More Chicken Skin

More Chicken Skin- Road Dog- Fall 2003

I got lots of lively responses to last issue’s Wood and Steel article listing some of my musical influences and gurus. The responses reassured me that listening must be a primal part of most of your musical diets- a source of inspiration for you as it was and is for me. Here is more of our collective chicken skin music (and brief descriptions of the reasons for your choices if you provided them).

Mark Knopfler’s compositions and guitar solos on Dire Straits’ first three albums. His unique fingerstyle Strat and acoustic work set him apart even more than did his focus on lyric and recording excellence.

Jimi Hendrix’ solos on “Purple Haze” and “Little Wing” The high point of the intersection of emotion, improvisation and technique in rock guitar.

Too many Beatle moments to recall here, including all of “Sergeant Pepper,” the “White Album,” and “Abbey Road” You all know why.

The Stones’ initial recordings of “Satisfaction” and “Brown Sugar.” Nasty and raunchy, a little distorted and just right.

Jethro Tull’s acoustic-Celtic-rock melange on songs like “Thick as a Brick,” “Wond’ring Aloud,” and “Fat Man.” It seems like an obvious marriage now, and it sure felt that way upon first hearing

Neil Young’s first recording of “Down by the River,” featuring his guitar solo consisting of seventeen repetitions of the tonic note, not one time but twice. It’s primitive genius, and it’s exactly “right.”

Bach’s Brandenburg Concerto #6, especially the middle movement, which represents the weaving of counterpoint, melody and inner voices at their artistic and spiritual high points.

Bach’s “Goldberg Variations” as performed in Glen Gould’s 1950’s recorded version. Astounding music, and astounding interpretation and playing. The solo side of Bach revealed by an obsessed piano master.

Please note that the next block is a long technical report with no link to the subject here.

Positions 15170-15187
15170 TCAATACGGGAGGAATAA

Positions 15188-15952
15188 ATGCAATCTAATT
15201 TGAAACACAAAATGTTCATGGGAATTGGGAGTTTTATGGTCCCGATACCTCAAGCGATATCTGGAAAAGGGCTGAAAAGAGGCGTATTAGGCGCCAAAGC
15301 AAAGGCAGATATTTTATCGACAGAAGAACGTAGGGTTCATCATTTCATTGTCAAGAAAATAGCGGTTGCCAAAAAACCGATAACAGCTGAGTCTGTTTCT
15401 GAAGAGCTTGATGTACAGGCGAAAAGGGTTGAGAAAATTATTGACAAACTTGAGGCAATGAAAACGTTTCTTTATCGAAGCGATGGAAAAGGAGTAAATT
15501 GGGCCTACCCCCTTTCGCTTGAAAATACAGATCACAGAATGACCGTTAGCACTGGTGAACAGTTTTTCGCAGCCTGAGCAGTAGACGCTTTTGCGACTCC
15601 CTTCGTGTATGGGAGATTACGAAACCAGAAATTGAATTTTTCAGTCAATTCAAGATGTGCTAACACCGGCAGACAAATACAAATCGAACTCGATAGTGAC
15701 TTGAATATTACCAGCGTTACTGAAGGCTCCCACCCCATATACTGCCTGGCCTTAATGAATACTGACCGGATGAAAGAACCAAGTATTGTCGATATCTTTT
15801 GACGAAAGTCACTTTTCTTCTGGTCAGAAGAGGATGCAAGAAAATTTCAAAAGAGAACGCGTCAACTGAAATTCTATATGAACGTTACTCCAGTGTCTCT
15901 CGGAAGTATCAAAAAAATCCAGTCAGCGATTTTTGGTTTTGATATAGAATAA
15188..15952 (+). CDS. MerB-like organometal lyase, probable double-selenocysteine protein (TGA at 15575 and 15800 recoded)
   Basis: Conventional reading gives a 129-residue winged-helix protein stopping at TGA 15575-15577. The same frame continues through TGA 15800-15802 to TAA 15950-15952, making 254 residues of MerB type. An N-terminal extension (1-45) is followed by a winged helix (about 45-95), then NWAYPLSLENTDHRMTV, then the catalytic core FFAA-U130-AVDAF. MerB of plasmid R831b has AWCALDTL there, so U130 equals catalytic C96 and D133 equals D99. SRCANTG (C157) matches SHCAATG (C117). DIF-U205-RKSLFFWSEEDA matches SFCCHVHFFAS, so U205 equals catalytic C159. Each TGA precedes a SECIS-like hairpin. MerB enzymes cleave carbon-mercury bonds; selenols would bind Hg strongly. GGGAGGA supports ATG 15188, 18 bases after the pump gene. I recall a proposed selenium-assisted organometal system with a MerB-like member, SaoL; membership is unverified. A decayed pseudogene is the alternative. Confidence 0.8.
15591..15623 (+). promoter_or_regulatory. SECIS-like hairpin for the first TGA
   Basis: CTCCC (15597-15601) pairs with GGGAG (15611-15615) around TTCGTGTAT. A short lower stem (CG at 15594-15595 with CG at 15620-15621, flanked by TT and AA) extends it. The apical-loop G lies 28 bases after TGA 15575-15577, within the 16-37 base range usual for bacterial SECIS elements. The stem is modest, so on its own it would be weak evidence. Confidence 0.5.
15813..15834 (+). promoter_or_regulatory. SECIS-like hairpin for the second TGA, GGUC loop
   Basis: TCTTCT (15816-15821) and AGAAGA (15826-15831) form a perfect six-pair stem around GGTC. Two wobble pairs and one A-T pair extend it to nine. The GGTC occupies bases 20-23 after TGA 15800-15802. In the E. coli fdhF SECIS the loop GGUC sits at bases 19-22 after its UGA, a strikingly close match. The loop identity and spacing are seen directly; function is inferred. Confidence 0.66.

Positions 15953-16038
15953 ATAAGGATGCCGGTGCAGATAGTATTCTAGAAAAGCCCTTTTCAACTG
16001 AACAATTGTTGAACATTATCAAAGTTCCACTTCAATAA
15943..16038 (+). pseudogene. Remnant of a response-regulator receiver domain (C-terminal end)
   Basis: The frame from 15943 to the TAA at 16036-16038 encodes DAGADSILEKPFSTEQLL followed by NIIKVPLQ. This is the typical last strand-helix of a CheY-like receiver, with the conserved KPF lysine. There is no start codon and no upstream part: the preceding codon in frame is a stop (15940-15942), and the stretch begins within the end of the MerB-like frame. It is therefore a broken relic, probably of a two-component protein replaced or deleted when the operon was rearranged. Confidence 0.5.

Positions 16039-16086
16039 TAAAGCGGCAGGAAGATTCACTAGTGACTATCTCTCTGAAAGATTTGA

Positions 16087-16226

Bach’s “Little Fugue in G Minor” as played by a thundering full-sized orchestral organ. Power, glory, and compositional beauty all in one. Yes, I like Bach a lot.

Miles Davis’ “Kind of Blue”, especially “All Blues” and “Freddie Freeloader,” and his version of “Round Midnight” (both Miles and Trane), which took jazz to a place where the sound and the composition could resonate in your head in real time.

The opening melody from Aaron Copland’s ballet score for “Billy the Kid.” Just haunting…

The Adagio from the Bach Violin and Oboe Concerto. Yes, more Bach

The Chet Atkins version of “Vincent.”

Art Tatum’s piano playing. It’s absolutely impossible to imagine the technical and musical skill that it must have taken to spin out complex ideas at Tatum’s over-the-top tempos.

Stravinsky’s “Rite of Spring.” Turn out the lights, sit in front of the speakers, start listening at high volume, stay seated for the whole piece, and thank me later.

Antonio Carlos Jobim’s early bossa nova recordings. Bossa was a synthesis or Brazilian rhythms and American jazz, which rang true to
American ears right away, and these recordings make it clear why it did so. The original “World Music” success story.

Beethoven’s Fifth Symphony, especially the opening Da-Da-Da Daaah! It is the sonic answer to all of those questions about how to write music, by showing what a genius can do for eight minutes with a relatively simple five-second melodic idea.

Dave Brubeck’s first recording of “Take Five.” There is a reason that standards become standards, and this epitomizes why that is so. Seductive, simple yet complex, and the solos give the listener time to absorb and breathe. Great sax work and sound.

In my next article, I’ll try to put some “whys” to our responses and our musical attractions, and take a look at lots of guitar music to try and begin to describe the notion of “rightness” of certain modes of playing. In other words, why does Lester Flatt’s G run or Michael Hedges’ “Aerial Boundaries” sound “right” to our ears, and resonate as appropriate and fully realized uses of the guitar? In the meantime, feel free to send me more of your own personal “chicken skin.”